September 30, 1994 - From the September, 1994 issue

TPR Point/Counter Point: L.A. Affordable Housing Incentives Program

TPR presents a point/counterpoint between Sandy Brown, President of Westside Civic Federation, and Dave Ferguson, Vice President of Thomas Safran & Associates, on the new Affordable Housing Incentives Program in Los Angeles.

Wait! Let's not throw out the baby with the bath water. Affordable housing is a must, but there have to be incentives for humans to occupy the units. There are a multitude of incentives for a developer, naturally, but someone forgot to consider the occupants and nearby neighbors. Rooftop open space, minimal landscaping, "reasonably" dispersed units virtually void of parking spaces, and "planned" transit corridors which may never become a reality, all signal a build anything, anywhere, anytime mentality. Bonuses are important, but LA must plan for and expect something in return. 

One must immediately sort out exactly who needs what bonus. The developer? The occupants? Los Angeles? Perhaps all three! Those of us who have voiced strong concerns with the ordinance agree on the ultimate goal: the City of Los Angeles must provide housing which is affordable. But one doesn't have to bust Community Plans to get there, or thumb one’s nose at the existing stock of affordable housing, or expect rooftops to serve as family open space, surely preserving no one’s dignity. Remember the slogan, "War is not healthy for children and other living things?" Such is the case for many of the planned incentives for production of affordable housing. Not healthy! 

Our City Council has never been known to abdicate absolute final control. While the ordinance requires passage by the City Council, the implementing guidelines are vested only with the Planning Commission. The community input has potential impact only at the Council and not at the level of those who serve at the pleasure of the Mayor. How do we hold accountable the Mayor's appointed commissioners who gave at the Political Patronage Office? 

One would expect that incentives should surely accomplish the job of providing affordable housing. But without any enforcement in place, save self-policing by owners, many of the units will quickly become market rate. Covenants and compliance are miles apart; and self-reporting breeds the worst in many and diminishes the available units for most.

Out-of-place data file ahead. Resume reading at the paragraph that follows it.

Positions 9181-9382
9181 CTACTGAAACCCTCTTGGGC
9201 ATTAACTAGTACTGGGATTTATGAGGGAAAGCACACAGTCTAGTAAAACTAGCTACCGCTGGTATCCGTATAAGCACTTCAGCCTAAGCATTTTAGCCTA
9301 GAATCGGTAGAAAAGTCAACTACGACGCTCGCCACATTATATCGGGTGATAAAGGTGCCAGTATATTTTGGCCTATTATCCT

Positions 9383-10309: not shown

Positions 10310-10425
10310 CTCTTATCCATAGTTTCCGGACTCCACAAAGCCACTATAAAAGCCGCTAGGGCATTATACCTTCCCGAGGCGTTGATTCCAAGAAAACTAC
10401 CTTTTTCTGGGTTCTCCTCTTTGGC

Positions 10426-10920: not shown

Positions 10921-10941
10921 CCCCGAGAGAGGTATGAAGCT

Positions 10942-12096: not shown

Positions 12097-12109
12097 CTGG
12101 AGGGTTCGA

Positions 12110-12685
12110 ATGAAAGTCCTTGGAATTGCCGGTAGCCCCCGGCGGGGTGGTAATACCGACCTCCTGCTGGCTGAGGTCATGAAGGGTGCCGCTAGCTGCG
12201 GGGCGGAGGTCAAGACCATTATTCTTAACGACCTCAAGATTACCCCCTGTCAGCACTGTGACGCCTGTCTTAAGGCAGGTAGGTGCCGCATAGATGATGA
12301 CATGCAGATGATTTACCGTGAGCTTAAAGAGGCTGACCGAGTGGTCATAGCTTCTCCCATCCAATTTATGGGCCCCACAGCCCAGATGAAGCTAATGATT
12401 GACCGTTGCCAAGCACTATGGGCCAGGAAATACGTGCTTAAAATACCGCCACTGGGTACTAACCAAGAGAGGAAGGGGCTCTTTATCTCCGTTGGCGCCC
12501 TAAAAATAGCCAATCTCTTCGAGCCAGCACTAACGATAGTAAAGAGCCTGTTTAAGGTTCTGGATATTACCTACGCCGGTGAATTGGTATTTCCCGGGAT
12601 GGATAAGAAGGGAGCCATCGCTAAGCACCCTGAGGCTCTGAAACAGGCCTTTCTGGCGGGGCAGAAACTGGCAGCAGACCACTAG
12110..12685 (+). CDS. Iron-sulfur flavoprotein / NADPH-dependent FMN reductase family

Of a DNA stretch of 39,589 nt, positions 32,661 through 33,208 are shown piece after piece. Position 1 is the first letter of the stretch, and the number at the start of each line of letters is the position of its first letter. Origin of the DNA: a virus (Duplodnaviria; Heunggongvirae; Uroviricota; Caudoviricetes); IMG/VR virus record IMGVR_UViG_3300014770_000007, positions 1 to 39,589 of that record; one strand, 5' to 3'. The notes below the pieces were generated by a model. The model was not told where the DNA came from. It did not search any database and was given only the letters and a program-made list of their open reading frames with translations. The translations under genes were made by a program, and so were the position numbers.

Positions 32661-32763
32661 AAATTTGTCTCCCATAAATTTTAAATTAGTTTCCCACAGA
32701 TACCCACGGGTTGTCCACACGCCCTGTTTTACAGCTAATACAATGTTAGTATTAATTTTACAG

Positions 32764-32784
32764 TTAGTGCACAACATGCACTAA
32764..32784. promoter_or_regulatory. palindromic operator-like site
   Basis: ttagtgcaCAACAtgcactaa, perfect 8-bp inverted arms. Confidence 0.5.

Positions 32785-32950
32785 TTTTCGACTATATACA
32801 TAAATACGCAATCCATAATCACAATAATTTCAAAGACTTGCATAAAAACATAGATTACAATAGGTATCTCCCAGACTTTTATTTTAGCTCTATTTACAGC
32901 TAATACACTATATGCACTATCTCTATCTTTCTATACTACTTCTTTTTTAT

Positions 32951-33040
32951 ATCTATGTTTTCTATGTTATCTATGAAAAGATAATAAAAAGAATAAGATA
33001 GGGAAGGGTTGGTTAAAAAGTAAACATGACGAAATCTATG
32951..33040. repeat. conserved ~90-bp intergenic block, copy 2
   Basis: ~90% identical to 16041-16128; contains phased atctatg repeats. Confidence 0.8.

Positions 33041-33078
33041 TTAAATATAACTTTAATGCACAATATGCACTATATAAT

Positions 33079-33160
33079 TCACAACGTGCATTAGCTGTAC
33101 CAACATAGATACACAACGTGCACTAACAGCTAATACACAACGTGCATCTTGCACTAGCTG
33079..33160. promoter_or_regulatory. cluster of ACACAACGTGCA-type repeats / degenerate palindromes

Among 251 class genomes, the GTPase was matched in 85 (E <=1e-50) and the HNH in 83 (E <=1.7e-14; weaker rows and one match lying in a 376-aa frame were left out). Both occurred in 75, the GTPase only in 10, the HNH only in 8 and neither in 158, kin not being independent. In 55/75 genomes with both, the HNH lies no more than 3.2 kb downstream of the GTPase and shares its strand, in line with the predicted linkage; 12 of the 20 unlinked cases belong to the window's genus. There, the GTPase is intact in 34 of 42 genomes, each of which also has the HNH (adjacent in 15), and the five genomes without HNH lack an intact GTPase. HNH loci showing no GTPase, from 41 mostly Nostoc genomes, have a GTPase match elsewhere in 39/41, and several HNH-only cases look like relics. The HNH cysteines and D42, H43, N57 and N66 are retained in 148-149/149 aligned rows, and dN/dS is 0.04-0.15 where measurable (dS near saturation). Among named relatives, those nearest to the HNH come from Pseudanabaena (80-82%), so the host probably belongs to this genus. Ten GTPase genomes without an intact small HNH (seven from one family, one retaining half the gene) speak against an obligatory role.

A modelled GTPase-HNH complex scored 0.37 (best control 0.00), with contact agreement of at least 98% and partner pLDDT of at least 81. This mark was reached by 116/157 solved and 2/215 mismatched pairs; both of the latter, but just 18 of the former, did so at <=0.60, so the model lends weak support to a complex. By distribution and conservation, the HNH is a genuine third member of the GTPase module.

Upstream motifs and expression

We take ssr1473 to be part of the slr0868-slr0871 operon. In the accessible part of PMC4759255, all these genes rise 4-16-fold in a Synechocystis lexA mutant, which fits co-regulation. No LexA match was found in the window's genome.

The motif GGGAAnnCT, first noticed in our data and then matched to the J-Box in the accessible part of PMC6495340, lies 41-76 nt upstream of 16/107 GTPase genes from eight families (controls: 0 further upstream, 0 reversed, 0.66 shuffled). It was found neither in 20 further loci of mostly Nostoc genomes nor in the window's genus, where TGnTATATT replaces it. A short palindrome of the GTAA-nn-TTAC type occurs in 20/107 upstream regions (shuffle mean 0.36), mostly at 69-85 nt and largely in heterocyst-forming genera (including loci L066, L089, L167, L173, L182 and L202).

Many of these entitlements are "by right" and require no public review. "By right" must first be right. The ordinance as proposed will most assuredly provide living spaces. Affordable? Well, not necessarily. Livable? Not yet. For years to come? Who's checking? And oh, by the way, with such places to reside, now where are the jobs?

By Dave Ferguson, Vice President, Thomas Safran & Associates

The affordable housing incentives program is much more than a mere "shot-in-the-arm" bonus to the affordable housing industry. It is an important planning tool designed to streamline the pedantic approval process for all development projects offering affordable housing for families with lower incomes. 


A typical proposal in a multi-family residential neighborhood might take a year or two to be processed through the planning and zoning system. Under the new proposal presented to the planning and land use management committee, the system remains intact. The City Council person retains full discretion over all developments which do not meet approved zoning requirements, thereby ensuring homeowners and neighbors a continuing say in the disposition of all multiple residential developments. 

The incentives program allows zone-complying development to acquire an as-of-right bonus which gives clear incentive to the production of affordable housing and more accurately reflects the reality of producing this specialized housing. At a 300-unit large family project in the North Valley developed by our company within the past few years, we were required by code to provide over two parking spaces per unit Experience taught us that only one-third to one-half of these spaces would actually be utilized, but at the time we were unable to receive a zone variance to reduce the parking requirement. Our method of dealing with the parking issue was to section off about half of the parking for use as additional recreation areas. The development is now fully occupied, and we have carefully monitored parking requirements which are more than adequate at 50 percent of the spaces dictated by code. Other family developments across the city have mirrored this experience. 

The Affordable Housing Incentives Program is designed to implement state law in a manner which reflects the realities of producing housing by minimizing the public subsidy dollars to increase what may be produced for those dollars. 

If we can reduce the parking costs alone, our figures show that we can expect to lower our total costs by 10 percent or more. Our 300-unit development described earlier would be $2 million less expensive with lower parking requirements. This could have allowed us to add twenty more affordable housing units for the same public subsidy dollars providing that the density, open space and height requirements are in support of the reduced parking levels. 

The package jointly proposed by the Los Angeles City Planning Dept. and by the Housing Dept. is based on a common sense approach to cutting red tape, expediting the production of much needed housing, complying with state law and preserving neighborhoods. The higher densities are achievable without compromising good design. The lower parking requirements are realistic and will be monitored on an ongoing basis.


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